Team America defenders Dan Canter, Bruce Savage and Tony Bellinger thought Laurie Abrahams was offside. Tulsa forward Njego Pesa thought Abrahams was offside. Team America Coach Alkis Panagoulias was sure Abrahams was offside, and Tulsa Coach Terry Hennessey allowed that it was possible. Abrahams admitted to having been offside.

But senior linesman Guy Fraiture felt Abrahams was onside, and allowed his goal with 1:15 remaining, giving the Roughnecks a 3-2 victory over Team America before 4,423 yesterday at RFK Stadium.

Its 12th loss in 13 games, coupled with Montreal's shootout loss to Toronto, eliminated Team America from contention for the North American Soccer League playoffs. Team America (9-17) is last in overall points with 70. Montreal holds the eighth and final playoff spot with 107 points. The Manic are 37 points ahead of Team America, which can get no more than 36 in its last four games.

Abrahams figured in all three Roughnecks' goals. Barry Wallace began the game-winning play by carrying down the right wing and centering the ball to Pesa, who fed Abrahams alone on the left wing. At this point, both Canter and Savage stopped running and looked toward linesman Fraiture, expecting an offside call, as Abrahams appeared to be several steps offside.

Fraiture made no call and Abrahams beat goalkeeper Arnie Mausser to the right corner with a 30-foot drive.

"I gather I must have been offside," said Abrahams, who also scored Tulsa's first goal. "I was surprised he (Fraiture) didn't call it. Even if I was in a straight line with Canter, I was offside. But I didn't pay too much attention to where I was. If I had, I might have missed the ball."

Panagoulias argued the call vehemently, at one point jabbing his finger repeatedly into Fraiture's chest, and was asessed a yellow card. Team America players on the field screamed at both Fraiture and referee Dilvo DiPlacido, and Jeff Durgan, who did not dress for the game, shouted and gestured at Fraiture before being led away by his teammates.

"I don't understand how these owners can spend all this money for players and not get good referees," Panagoulias said. "When I told him what he missed, he (Fraiture) said I was right. But they would not change the call. The referees in this league have no personality. All they do is give out yellow cards--a sign of weakness."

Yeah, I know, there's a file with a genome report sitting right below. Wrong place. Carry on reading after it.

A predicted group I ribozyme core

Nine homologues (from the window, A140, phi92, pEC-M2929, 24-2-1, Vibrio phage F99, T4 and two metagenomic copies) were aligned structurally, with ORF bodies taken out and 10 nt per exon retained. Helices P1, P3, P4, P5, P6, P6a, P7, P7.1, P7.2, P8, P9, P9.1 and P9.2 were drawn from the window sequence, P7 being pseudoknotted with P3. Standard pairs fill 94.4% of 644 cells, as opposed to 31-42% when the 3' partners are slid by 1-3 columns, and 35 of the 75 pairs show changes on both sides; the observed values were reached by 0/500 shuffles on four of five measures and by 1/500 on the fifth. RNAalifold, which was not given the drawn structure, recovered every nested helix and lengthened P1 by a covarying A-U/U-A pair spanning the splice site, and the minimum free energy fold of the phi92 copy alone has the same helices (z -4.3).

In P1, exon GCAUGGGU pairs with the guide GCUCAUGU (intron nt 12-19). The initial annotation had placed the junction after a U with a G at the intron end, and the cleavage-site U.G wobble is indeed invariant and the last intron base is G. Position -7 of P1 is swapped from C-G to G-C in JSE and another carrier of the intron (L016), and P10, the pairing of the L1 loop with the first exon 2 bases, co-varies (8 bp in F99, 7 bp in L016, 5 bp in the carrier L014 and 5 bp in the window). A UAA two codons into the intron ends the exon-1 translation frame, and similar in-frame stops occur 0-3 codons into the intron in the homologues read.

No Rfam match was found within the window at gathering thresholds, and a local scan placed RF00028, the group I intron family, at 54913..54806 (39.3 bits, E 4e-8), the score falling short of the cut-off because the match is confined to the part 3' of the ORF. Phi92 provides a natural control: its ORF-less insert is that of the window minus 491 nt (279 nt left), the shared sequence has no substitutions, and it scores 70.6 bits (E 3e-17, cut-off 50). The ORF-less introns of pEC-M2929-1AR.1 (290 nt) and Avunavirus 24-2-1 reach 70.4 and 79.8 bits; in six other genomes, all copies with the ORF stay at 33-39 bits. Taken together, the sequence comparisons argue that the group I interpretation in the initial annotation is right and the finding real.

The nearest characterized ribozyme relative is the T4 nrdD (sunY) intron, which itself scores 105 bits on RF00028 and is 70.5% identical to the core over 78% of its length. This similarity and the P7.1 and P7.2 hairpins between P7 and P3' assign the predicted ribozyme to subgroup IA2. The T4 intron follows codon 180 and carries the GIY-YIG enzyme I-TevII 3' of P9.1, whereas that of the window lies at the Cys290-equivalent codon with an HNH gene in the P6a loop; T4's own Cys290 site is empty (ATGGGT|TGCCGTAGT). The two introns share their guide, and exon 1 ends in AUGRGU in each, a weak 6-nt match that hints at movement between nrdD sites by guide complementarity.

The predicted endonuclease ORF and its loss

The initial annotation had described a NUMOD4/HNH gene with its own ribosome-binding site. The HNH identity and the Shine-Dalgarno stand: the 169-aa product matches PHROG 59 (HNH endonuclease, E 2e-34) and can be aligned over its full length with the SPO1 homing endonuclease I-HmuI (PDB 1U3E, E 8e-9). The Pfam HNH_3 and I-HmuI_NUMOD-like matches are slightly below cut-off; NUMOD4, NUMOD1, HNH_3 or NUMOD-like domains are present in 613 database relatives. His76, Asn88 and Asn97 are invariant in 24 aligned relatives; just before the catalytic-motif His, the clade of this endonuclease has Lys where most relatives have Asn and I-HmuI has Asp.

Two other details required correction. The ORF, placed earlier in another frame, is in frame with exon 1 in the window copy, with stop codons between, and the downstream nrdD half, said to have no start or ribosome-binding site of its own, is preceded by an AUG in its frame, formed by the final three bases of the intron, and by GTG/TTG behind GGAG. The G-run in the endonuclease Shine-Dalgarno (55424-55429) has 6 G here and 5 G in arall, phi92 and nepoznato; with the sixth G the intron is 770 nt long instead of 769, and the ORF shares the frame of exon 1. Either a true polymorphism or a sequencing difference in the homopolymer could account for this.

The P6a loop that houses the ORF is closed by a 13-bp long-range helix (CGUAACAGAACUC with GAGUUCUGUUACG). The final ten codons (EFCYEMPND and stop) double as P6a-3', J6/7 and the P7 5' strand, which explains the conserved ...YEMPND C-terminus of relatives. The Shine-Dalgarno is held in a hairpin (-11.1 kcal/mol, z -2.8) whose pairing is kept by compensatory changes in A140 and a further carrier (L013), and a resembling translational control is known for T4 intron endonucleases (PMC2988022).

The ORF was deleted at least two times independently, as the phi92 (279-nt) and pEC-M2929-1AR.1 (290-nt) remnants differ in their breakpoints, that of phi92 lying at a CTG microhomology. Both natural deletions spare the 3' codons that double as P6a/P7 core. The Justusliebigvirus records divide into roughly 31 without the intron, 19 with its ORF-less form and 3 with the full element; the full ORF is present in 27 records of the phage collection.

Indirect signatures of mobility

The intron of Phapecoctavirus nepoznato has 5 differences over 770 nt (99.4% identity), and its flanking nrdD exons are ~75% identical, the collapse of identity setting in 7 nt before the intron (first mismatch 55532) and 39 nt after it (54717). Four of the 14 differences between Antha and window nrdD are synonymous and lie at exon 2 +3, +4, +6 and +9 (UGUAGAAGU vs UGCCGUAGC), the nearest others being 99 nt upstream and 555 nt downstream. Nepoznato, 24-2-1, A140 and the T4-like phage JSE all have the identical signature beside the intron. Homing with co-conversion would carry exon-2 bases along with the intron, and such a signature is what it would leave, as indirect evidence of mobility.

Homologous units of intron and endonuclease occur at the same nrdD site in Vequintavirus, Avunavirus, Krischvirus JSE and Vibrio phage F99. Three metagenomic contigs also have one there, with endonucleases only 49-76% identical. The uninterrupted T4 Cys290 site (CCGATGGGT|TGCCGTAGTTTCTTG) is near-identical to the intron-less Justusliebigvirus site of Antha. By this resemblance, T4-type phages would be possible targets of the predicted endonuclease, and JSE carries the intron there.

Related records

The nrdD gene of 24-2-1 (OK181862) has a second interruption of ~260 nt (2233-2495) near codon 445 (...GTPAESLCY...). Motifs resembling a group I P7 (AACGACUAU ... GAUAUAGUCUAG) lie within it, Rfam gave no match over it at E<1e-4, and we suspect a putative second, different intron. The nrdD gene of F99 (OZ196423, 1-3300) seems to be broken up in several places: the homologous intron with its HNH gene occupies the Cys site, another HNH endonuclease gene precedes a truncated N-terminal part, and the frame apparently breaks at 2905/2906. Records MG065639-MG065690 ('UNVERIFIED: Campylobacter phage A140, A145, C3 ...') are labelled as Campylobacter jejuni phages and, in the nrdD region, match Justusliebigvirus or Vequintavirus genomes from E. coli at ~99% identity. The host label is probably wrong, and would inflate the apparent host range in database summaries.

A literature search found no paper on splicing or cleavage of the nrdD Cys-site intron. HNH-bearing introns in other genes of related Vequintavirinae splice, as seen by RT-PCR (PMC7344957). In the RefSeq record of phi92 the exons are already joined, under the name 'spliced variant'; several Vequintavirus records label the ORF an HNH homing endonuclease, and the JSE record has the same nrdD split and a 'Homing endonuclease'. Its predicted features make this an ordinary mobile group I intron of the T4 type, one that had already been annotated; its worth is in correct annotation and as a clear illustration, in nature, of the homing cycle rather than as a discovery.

DiPlacido handed out five yellow cards and called a total of 25 fouls, 13 on Team America. The game featured a number of rough tackles by both teams, including one by Canter at 69:20 which left Tulsa forward Ron Futcher with blood streaming down his face.

Tulsa took a 1-0 lead at 23:26 on a goal by Abrahams. Team America tied the score five minutes later on the first of Andrew Parkinson's two goals. Pedro DeBrito sent a left-side corner kick into the box, splitting two Tulsa defenders, and Parkinson redirected the ball with his head into the right side of the net.

Parkinson then gave Team America the lead with his fifth goal of the year in the 63rd minute. Picking up a loose ball in front, Parkinson sent a drive from the top of the box that deflected off a Tulsa defender into the net.

Futcher tied the game with his 14th goal of the year at 70:45. With his head bloodied from Canter's tackle, Futcher got a corner kick from Pesa, heading the ball in at the far post.

Blizzard 2, Manic 1: Victor Kodelja, Neill Roberts and Geoff Wegerle scored during a shootout to help the Toronto win in Montreal and retain third place in the NASL's Eastern Division.

The victory, before 9,755 fans at Exhibition Stadium, gave the Blizzard 117 points, 10 more than Montreal.

Cosmos 5, Sting 3: The Cosmos, after falling behind 2-0 in the first 28 minutes, scored five straight goals, including a pair by Giorgio Chinaglia, to win at the Meadowlands.

The Cosmos' sixth straight victory clinched their sixth consecutive Eastern Division title.